Heroin Overdose ‘Cure’ Exists, But Can Users Find It?

by Rachel Baker on February 25, 2014

Here’s an interesting investigative report from NBC News about Naloxone, an opiate overdose antidote.

Tracey Helton’s descent into the world of opiates began at 17, when she had her wisdom teeth pulled and was prescribed Vicodin.

Not long after, she began shooting heroin. Then came a fateful move to San Francisco, periods of homelessness, a featured role in an HBO documentary about heroin addicts and an overdose that nearly killed her.

Today, the mother of three is 15 years clean and an advocate for expanded health care options for drug abusers, especially access to the opiate overdose antidote naloxone. She has good reason: Helton says it saved her life during her darkest days of drug addiction.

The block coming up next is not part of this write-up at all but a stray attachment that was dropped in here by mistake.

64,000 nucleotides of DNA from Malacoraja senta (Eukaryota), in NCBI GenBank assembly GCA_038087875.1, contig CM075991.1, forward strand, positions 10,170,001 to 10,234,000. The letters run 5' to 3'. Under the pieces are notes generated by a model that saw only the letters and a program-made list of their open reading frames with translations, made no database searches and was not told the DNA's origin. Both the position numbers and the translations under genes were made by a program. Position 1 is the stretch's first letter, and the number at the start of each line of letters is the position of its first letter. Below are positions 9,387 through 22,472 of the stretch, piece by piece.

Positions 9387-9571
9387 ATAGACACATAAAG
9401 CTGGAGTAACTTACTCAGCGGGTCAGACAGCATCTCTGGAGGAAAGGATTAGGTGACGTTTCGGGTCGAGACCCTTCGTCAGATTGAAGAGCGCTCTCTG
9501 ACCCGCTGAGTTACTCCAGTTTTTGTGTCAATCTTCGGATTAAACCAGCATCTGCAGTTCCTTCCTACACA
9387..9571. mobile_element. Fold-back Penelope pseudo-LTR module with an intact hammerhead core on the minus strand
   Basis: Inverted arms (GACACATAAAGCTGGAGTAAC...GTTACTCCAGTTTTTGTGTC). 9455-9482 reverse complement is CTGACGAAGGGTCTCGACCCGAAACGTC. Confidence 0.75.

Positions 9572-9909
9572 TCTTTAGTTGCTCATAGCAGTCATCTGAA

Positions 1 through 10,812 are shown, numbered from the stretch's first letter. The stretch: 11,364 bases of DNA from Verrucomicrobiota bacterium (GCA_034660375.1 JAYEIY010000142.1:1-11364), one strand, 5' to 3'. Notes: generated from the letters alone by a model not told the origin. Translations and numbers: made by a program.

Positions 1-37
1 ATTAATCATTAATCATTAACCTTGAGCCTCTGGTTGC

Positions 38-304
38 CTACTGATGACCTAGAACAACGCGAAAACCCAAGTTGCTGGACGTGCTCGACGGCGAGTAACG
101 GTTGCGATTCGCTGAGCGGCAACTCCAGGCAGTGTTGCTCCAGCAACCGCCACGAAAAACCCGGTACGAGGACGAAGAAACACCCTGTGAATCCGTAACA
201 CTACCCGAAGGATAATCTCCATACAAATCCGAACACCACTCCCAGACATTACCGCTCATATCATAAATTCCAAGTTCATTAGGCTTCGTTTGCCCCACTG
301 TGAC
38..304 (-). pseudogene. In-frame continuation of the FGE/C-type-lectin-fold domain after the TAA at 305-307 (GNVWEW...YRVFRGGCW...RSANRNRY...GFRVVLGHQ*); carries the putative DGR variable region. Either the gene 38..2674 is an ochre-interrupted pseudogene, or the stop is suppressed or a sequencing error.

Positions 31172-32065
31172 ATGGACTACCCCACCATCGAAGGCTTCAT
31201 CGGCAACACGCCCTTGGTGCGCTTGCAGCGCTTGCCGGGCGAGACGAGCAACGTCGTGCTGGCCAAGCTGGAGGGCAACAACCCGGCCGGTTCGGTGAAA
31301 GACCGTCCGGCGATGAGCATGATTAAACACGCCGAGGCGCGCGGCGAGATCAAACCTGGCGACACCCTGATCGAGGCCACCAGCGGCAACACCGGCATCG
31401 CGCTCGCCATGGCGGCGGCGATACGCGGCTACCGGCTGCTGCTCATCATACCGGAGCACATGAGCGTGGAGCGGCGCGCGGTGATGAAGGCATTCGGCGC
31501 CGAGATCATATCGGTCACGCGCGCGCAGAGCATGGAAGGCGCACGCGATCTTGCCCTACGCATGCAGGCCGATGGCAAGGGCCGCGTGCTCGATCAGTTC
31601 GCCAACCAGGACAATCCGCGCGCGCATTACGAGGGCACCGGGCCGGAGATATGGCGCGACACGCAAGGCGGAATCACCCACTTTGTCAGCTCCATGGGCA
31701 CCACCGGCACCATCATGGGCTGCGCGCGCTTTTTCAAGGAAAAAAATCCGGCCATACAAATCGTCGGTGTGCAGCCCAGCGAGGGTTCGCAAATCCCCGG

“Naloxone should be in every first-aid kit,” Helton said. “And people are dying because they are unaware or don’t have access to it.”

With abuse of heroin and a range of pharmaceutical opiates – including Demerol, fentanyl, oxycodone, Percocet and morphine – at near-crisis levels, the crusade to expand the availability of naloxone has taken on a new urgency. Helton is at the forefront of a movement to push it to the front lines of addiction – everywhere from dark alleyways of the big city to the suburban medicine cabinet — where she and many public health experts say it does the most good.

Check out the remainder of the article here:

Comments on this entry are closed.

Previous post:

Next post: